There are three advantages: first, you can make your forehand or backhand preparation more stable and steady. Second, you can use your non-dominant to better navigate the coming ball, which makes it easier to hit. Third, by using your non-dominant to drive your body power on your forehand,
5. Swing Follow Through
The habit of following through after swing is often ignored by beginners. The core rotation is the foundation of tennis, and building a habit of following through will force you to turn your body completely so that you don’t over use your arms.
6. Control Over Power
A common mistake most beginners have is using too much power on their arms. Tennis is a game all about footwork and body power. Too much power or pressure on your arm will put yourself in a risk of wrist injury or tennis elbow. Therefore, learning how to control leads to emphasizing the proper movement and technique. Practicing against a wall is the best option for mastering control.
7. Record Your Training
Record your tennis training and then check afterward to see if anything needs to be changed, this is a more efficient way to improve. You don’t need to purchase any fancy stuff to take advantage of this technique, just utilize your smartphone.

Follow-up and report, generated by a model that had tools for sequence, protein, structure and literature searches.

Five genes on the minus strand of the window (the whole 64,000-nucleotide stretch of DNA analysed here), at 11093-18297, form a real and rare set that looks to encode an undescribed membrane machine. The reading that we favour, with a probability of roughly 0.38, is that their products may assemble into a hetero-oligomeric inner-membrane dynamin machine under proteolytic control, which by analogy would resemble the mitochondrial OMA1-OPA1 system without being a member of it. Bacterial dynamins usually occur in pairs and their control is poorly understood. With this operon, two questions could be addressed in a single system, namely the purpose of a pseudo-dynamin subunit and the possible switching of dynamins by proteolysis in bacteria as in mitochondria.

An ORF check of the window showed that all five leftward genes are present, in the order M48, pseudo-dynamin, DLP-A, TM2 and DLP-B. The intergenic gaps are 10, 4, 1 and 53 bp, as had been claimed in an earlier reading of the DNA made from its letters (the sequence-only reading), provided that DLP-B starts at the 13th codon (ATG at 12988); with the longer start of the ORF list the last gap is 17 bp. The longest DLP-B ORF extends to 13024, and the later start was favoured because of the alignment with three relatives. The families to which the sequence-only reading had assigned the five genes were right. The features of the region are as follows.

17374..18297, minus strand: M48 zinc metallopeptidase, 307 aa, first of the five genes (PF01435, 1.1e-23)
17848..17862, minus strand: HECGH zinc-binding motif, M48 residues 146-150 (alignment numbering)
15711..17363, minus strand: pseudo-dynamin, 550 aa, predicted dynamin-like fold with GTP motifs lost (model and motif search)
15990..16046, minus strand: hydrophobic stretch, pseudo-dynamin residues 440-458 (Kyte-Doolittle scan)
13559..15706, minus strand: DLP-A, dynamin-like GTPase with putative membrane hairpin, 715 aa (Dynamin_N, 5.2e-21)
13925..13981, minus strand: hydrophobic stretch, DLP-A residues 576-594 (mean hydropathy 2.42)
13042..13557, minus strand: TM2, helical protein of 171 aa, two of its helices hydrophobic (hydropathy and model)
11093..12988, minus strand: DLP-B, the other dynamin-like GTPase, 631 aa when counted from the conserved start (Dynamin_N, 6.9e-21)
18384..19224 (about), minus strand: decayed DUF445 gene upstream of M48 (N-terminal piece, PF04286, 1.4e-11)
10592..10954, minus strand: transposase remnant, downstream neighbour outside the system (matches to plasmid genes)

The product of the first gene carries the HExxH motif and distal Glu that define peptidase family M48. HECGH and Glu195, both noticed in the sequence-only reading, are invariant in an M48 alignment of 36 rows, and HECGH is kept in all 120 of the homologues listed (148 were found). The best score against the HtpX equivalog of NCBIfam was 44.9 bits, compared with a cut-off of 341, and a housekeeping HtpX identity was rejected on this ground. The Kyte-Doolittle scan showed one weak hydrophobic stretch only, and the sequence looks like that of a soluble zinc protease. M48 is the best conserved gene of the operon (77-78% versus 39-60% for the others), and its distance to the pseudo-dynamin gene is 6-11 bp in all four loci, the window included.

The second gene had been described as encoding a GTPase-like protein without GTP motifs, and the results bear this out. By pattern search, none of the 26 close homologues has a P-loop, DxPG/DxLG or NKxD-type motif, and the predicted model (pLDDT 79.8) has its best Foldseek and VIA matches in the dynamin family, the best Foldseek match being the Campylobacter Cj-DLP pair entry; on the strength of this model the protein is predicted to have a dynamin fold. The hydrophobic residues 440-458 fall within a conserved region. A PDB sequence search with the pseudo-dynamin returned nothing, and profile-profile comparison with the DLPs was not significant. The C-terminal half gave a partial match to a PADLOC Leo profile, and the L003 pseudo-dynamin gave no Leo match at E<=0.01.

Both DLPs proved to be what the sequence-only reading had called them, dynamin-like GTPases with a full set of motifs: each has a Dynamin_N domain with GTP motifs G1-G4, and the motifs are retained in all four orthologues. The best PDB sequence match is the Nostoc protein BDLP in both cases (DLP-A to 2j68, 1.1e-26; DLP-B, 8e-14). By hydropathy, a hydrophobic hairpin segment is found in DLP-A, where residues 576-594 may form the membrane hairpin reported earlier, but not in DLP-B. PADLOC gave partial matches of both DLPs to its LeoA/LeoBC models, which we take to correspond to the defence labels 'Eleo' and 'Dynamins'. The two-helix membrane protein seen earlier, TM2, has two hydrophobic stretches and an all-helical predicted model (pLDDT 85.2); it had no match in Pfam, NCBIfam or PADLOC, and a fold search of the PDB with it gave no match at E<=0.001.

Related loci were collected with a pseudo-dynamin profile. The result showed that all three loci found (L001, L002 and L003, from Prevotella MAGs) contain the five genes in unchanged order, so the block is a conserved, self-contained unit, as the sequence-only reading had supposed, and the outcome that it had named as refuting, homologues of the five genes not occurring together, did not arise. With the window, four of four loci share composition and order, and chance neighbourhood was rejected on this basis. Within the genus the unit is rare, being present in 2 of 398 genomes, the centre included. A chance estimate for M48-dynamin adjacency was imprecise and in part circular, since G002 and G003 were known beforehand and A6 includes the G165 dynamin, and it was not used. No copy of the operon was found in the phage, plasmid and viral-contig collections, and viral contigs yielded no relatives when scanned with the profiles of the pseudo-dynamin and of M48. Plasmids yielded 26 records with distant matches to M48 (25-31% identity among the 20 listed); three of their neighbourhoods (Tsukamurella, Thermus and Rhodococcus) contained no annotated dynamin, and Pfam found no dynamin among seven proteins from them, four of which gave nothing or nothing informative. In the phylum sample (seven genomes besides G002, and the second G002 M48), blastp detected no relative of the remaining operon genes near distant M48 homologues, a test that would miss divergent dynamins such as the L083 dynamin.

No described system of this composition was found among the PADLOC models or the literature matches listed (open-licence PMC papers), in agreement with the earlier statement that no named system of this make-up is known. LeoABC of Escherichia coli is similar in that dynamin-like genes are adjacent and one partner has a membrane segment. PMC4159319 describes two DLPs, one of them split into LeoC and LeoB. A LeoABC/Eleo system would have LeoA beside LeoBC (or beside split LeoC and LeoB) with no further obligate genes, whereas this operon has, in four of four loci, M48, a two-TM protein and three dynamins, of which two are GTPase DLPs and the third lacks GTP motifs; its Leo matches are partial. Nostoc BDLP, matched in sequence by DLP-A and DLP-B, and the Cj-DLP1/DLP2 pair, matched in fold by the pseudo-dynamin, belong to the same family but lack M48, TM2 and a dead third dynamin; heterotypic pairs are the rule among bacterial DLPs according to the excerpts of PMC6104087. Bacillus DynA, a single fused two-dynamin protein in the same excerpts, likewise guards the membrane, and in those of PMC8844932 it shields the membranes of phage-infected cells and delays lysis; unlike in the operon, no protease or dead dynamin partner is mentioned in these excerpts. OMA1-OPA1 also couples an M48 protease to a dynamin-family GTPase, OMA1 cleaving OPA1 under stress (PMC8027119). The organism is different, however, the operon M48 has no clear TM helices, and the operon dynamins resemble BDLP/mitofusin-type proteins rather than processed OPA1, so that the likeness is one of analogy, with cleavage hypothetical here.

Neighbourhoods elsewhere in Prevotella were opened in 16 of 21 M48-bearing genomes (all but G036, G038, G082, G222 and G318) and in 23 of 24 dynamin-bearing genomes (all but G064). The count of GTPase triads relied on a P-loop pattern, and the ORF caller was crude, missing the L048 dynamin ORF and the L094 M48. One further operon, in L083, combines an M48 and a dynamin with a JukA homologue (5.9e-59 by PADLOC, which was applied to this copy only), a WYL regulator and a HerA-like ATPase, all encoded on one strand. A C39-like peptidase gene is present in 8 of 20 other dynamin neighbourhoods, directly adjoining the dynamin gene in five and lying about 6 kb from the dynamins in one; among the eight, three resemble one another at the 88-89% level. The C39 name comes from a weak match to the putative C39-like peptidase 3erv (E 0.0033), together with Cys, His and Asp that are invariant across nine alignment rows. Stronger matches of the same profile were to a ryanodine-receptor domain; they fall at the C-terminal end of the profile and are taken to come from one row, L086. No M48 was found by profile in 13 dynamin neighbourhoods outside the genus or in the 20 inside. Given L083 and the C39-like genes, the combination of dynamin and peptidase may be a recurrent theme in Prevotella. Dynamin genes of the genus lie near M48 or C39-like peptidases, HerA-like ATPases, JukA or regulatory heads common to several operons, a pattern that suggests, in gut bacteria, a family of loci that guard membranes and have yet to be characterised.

8. Practice Regularly
The key to progress in tennis is consistency. It’s critical to play tennis at least once or twice a week, but three or four times is better. It’s difficult to develop muscle memory if you don’t practice frequently. Practice consistently and you’ll be able to handle the stress of tennis better and enjoy it more little by little.
9. Basics Rules and Terms
- First point = 15
- Second point = 30
- Third point = 40
- Fourth point = Win a Game
- Deuce = 40 : 40 (both players win 3 points)
- Advantage (AD) = player wins the next point after a deuce
- Win a Game from a Deuce = player wins two consecutive points
How to Win a Match
A player has to typically win four points to win a game and a minimum of six games, with a two-game difference, to claim a set. The player has to win three of a 5 sets match or two of a 3 sets match to win the match.
If you’re interested to know more, check out our article about tennis terms and rules.
10. Understanding the Court
Briefly speaking, there are three types of tennis courts, they are hard court, grass court, and red clay court. Hard courts are the most accessible ones. In addition, check out the diagram below so that you will better understand the meaning of those white lines.
11. Off-court Training
You can find tons of off-court tennis drills but these two pieces of training are the most essential ones for beginners. Just simply follow through with the explanation below, these training will help you progress easier at the beginning of the tennis journey.
Practice Against Wall